Lin Johnson is one of the most influential people in Christian publishing as a writer, editor, and instructor. Perhaps here biggest contribution is her annual Write to Publish Conference, held every year on the campus of Wheaton College. Personally, the Write to Publish Conference has had more influence on my writing career than almost any other factor. It’s one of the premier writing conferences in the country.
You’ve been a writer and editor for a long time, but perhaps you are best known for helping writers get their start in Christian publishing. What motivates you to continue to educate and assist the next generation of writers rather than seek your own “fame and glory” as it were?
One of my spiritual gifts is teaching, and training writers is a way to use that gift. A great thing about teaching is the ripple effect of influence that goes far beyond a classroom or conference. As I assist people in honing the craft of writing and getting published, their words, in turn, will influence thousands of people I’d never be able to reach.
Write-to-Publish (WTP) has been around for almost 40 years. How did it get started?
It started in 1971 (and missed a couple of years) as a two-week, credit-only, summer-school course at Moody Bible Institute in Chicago. Eleven years later, it became a one-week workshop to allow more people to attend, then morphed into a conference format a few years later. I worked as assistant director for almost 10 years.
In the early ‘90s, Moody decided to drop several conferences; and Write-to-Publish was one of them. The school gave me the rights to the name, the mailing list, and cassette masters for past conferences.
However, I didn’t have the upfront money to run it as a conference, so I organized a few Saturday seminars at Moody and Wheaton College. Then in 1996, with several interest-free loans from fellow congregation members, I started it as a conference again at Wheaton College.
Why is a conference like WTP so crucial for a writer to break into the marketplace?
So much of getting published these days is the result of networking, of who you know. At a conference like WTP, you have the opportunity to meet editors and agents who are looking for manuscripts—or they wouldn’t take the time to be there. Plus you get to know other writers who may provide introductions to their editors or agents and share writing leads later.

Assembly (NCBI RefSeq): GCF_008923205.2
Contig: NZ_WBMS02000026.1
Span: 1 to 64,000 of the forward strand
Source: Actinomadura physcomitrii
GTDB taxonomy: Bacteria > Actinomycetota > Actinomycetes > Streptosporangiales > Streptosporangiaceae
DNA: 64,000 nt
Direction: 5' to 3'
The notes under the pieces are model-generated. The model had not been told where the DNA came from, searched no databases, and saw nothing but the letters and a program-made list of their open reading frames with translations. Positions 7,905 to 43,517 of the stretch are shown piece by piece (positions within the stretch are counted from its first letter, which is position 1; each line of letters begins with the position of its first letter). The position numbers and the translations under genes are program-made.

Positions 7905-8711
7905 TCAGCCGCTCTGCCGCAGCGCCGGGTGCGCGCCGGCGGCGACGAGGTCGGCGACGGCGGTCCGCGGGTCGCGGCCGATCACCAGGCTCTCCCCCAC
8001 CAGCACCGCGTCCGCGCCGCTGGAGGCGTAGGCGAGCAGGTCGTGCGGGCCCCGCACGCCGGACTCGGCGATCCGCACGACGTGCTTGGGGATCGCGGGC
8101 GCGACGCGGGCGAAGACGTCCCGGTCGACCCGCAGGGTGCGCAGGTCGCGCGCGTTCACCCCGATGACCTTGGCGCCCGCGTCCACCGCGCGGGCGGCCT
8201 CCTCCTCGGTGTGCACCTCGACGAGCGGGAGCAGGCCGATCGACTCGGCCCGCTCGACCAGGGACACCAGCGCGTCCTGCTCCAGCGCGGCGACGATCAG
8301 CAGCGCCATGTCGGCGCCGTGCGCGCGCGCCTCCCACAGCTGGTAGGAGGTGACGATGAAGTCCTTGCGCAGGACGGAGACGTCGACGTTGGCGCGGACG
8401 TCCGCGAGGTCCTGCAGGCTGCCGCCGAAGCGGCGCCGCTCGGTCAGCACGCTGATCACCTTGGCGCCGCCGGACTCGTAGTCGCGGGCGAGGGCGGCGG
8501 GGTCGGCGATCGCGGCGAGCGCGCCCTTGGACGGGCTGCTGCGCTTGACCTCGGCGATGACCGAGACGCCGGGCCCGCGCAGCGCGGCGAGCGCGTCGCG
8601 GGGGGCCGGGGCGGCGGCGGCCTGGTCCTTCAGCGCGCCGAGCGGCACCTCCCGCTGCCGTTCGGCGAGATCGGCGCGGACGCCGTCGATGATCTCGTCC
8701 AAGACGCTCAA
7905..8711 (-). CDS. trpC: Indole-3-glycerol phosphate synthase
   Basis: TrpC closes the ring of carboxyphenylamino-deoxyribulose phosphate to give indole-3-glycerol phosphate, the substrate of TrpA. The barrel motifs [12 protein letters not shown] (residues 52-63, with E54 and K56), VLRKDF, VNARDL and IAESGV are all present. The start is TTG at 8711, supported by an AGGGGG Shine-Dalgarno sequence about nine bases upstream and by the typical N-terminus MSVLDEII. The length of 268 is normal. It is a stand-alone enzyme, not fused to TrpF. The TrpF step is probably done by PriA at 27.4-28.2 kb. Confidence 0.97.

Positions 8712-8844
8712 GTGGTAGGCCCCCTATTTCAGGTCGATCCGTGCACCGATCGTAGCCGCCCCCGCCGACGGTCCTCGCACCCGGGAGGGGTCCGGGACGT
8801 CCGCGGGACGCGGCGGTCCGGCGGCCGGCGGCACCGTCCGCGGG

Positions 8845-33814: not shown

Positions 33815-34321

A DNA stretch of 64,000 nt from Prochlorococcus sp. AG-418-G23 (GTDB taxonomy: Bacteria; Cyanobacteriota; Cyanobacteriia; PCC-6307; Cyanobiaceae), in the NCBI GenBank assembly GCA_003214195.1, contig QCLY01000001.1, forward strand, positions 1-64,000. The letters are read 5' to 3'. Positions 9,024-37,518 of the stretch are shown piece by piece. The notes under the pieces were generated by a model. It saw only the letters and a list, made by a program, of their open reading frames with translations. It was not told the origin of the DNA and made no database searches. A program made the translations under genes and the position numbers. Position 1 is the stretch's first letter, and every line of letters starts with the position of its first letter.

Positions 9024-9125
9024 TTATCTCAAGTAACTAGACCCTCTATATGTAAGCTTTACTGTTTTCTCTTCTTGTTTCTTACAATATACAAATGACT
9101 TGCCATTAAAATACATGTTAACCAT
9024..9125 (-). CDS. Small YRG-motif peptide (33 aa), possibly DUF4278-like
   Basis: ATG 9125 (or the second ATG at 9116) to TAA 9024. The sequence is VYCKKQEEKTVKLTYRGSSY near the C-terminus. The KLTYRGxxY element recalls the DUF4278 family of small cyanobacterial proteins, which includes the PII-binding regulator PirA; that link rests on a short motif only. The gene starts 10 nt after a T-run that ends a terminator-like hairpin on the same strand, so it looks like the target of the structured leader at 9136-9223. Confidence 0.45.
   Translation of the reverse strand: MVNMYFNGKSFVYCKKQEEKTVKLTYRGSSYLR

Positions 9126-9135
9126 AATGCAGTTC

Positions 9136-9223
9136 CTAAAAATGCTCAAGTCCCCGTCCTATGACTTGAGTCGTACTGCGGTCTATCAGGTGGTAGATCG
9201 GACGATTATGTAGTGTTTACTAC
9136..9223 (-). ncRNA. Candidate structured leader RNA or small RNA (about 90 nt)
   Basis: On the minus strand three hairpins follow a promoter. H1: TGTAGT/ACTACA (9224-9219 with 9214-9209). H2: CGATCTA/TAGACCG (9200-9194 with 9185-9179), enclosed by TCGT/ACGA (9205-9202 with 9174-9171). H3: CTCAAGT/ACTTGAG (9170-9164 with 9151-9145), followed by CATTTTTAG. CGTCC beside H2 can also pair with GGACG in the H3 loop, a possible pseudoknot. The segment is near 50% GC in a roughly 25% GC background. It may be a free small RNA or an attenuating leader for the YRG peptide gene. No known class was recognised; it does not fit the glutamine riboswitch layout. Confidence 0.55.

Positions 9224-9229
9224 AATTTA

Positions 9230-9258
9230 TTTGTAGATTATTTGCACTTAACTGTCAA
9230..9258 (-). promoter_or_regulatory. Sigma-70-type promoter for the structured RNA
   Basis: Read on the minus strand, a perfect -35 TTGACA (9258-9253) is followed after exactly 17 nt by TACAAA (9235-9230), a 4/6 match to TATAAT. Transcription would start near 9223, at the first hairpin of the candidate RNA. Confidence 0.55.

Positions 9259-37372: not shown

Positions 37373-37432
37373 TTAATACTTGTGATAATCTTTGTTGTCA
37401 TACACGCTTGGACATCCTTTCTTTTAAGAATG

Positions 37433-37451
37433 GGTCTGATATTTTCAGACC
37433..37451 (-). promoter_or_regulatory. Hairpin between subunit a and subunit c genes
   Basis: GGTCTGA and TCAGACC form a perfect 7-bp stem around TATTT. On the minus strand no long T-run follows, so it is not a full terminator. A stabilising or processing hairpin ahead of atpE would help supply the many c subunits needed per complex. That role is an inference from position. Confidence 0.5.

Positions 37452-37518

A conference is crucial for book writers. Every year more book houses close to looking at unsolicited proposals, so it’s difficult to sell a book without an agent. And few agents are interested in writers who haven’t sold books. The way around this Catch-22 situation is attending a writers conference since book editors go to them, looking for new writers.
What are the common mistakes a first-time conference attender might make at a conference like WTP?
The biggest mistake I see is going to a conference with a myopic focus on selling one or two specific manuscripts, usually books, instead of being open to what God has in mind. His plan is always so much bigger than ours.
Another mistake is not getting to know other writers who attend the conference. Yes, editors are the ones who buy manuscripts; and you want to get acquainted with as many as possible. But networking with writers can pay off in many ways: lifelong friendships, prayer/accountability partners who motivate you get more writing done, passing along your name to editors for other projects.
If you could give one piece of advice (besides attending WTP!) to an emerging Christian writer, what would it be?
Learn the craft and the market. Editors are looking for polished manuscripts that won’t take a lot of time, which they don’t have, to edit. Learning the craft involves knowing the structure for different types of manuscripts and genres, practice, knowing the proper manuscript format, getting feedback from a critique group or writing partner, and more practice.
Learning the market involves finding what publications and houses take the types of manuscripts and topics you write (the Christian Writers’ Market Guide makes that task easier), following writers guidelines, and analyzing at least one issue of a periodical or a book-house catalog/website. As a magazine and newsletter editor, I get dozens of articles and queries a year that have nothing to do with the audience and type of periodical. Those are guaranteed rejections.